We know that you can acquire commercial property via and SMSF, but what about residential property? Well yes... BUT it depends. The reason why we say ‘it depends’ is because every client who asks us this question will have a unique scenario in mind. We need to look at the details of each scenario to understand if the transaction will be allowed by the Superannuation rules.
The most common scenario for investing in residential property is when the fund will purchase the property from an unrelated party by paying for it in cash or borrowing via a limited-recourse arrangement (LRBA). With this scenario there are no related party issues to consider, as a result the transactions tend to be straight forward.
Generally, an SMSF is prohibited from purchasing residential property from a related party, with the exception of property which satisfies the business real property conditions.
The issue of whether a property could be transferred from a related party (SMSF member or their relative) depends on whether the property could be considered ‘business real property’, and therefore eligible for inclusion in an SMSF.
Self Managed Superannuation Funds Ruling (SMSFR 2009/1*) sets out to explain the meaning and application of the term ‘business real property’ in relation to self-managed superannuation funds and in summary the two basic conditions that must be satisfied are:
- the SMSF or the other entity must hold an eligible interest in real property.
- the underlying land must satisfy the business use test in the definition, which requires the real property to be 'used wholly and exclusively in one or more businesses' carried on by an entity.
Let’s run through a couple of examples set out in ‘SMSFR 2009/1’ to demonstrate how the rules can apply when an SMSF member wants to transfer property they own into their SMSF.
Example 1: Doctor's surgery in residential premises
Fact #1: Dr Mary owns a house used exclusively by her medical practice.
Fact #2: Dr Mary is a member of the Yianni SMSF. Dr Mary, in her capacity as trustee of the SMSF, wants to acquire the house for market value and then lease it back so the medical practice can continue to operate from the house.
Outcome: Although the house was built to be residential premises, it is not used as such. The real property is used wholly and exclusively in Dr Mary's medical practice business. For the purposes of the related party asset acquisition rule in section 66 (Superannuation Rules), the property is business real property of Dr Mary. Once acquired by the Yianni SMSF, it is also business real property of the fund and is therefore not an in-house asset of the SMSF.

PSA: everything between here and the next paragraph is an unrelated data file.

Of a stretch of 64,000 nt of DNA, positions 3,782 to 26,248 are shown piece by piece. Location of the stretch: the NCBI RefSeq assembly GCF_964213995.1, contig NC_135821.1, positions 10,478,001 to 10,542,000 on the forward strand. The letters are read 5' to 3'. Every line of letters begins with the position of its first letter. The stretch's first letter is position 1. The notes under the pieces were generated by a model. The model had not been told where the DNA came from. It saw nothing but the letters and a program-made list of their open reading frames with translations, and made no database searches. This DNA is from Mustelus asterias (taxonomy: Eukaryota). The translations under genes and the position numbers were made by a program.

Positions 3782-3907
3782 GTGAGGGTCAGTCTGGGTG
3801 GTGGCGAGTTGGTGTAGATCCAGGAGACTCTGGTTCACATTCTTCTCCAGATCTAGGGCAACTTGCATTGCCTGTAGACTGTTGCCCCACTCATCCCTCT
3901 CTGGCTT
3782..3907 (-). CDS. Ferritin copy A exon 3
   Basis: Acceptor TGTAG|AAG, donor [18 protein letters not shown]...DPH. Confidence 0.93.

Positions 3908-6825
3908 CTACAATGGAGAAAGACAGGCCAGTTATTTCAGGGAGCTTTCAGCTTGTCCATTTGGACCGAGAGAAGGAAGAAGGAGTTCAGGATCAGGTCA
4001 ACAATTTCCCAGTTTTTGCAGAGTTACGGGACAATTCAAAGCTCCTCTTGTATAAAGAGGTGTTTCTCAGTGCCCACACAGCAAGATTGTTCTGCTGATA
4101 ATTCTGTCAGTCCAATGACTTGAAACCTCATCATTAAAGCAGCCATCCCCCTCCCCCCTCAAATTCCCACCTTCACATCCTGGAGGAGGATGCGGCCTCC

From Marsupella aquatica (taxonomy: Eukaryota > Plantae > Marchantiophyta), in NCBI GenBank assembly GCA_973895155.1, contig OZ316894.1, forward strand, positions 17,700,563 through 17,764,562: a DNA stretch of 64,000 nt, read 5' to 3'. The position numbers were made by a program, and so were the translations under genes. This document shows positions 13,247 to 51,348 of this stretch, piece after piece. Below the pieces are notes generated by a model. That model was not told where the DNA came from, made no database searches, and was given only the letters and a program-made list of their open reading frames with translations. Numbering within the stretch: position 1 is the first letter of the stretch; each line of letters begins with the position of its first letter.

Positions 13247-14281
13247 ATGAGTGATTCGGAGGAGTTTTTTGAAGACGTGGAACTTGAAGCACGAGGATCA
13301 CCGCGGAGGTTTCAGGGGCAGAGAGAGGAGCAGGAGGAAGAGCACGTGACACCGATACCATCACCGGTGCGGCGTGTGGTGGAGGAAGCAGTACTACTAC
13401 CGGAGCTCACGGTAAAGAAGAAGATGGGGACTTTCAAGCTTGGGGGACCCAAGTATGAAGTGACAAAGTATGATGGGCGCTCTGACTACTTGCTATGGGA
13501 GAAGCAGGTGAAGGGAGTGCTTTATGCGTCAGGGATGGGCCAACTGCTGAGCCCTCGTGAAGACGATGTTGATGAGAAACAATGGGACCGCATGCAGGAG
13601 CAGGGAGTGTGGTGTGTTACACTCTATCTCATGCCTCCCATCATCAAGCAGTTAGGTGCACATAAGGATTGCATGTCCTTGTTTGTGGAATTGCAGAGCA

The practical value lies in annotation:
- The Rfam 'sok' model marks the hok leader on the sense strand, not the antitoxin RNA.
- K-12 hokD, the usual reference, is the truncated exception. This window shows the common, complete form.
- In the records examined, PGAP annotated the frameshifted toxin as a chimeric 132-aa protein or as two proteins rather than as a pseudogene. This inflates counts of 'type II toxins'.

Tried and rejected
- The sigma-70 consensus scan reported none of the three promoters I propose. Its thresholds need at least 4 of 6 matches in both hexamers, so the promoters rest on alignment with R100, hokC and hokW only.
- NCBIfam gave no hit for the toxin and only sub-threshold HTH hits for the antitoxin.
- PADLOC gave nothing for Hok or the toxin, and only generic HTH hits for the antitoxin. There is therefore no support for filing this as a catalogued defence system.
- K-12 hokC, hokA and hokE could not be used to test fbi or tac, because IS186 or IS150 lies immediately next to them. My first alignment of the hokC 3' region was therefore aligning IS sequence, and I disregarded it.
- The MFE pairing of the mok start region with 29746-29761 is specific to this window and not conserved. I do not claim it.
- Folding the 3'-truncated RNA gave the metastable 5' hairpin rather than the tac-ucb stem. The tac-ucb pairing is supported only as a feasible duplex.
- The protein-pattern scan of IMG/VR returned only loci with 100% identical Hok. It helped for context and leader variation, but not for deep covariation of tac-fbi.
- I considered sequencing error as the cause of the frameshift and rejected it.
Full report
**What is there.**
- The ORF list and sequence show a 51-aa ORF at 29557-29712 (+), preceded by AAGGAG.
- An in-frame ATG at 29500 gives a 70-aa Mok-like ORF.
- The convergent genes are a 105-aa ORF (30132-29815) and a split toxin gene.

Mary is able to sell or contribute the “house” into her SMSF and then have the SMSF lease it back to her medical practice.
Example 2: Residential property held in a property investment business
Fact #1: Mr Wood owns 20 residential units that are leased to long-term residents. Mr Wood manages and maintains the flats on a full time basis living on the income generated from the leases. The units are not mortgaged. Mr Wood would like his SMSF to acquire some of the units rather than sell the units to a non-related party.
Fact #2: The scale of the operation together with the elements of repetition and purpose indicate that Mr Wood is carrying on a property investment business.
Outcome: Even though the tenants use the properties for their own private or domestic purposes, this use remains incidental and relevant to Mr Wood's property investment business. Consequently, Mr Wood's interest in the property on which the units are built is business real property. Provided the acquisition takes place at market value, the units may be acquired by the SMSF without contravening the related party asset acquisition rule in section 66 of the Superannuation rules.
Example 3: Mechanic - home garage
Fact #1: Stuart Japes is a member and trustee of Japes SMSF. Stuart is also a mechanic who works from his home garage and employs two of his friends (both of whom are not members of Japes SMSF) as mechanics.
Fact #2: Stuart wishes to sell the block of land on which his house and garage are constructed to the Japes SMSF.
Outcome: While the property is real property and a business is operating on the property, the property is also partly used as a residential property. The residential use of the property is not incidental and relevant to Stuart's business, it’s also not of a minor or trifling nature. The property is not business real property of Stuart. As a result, he cannot sell the land to his SMSF without the SMSF contravening the related party asset acquisition rule in section 66.
The ATO has numerous guidelines which are helpful in determining whether or not a residential property could be considered ‘business real property’. If you’re the trustee of an SMSF looking to transfer any property to a fund, our super-awesome super team can provide you with some upper-echelon advice!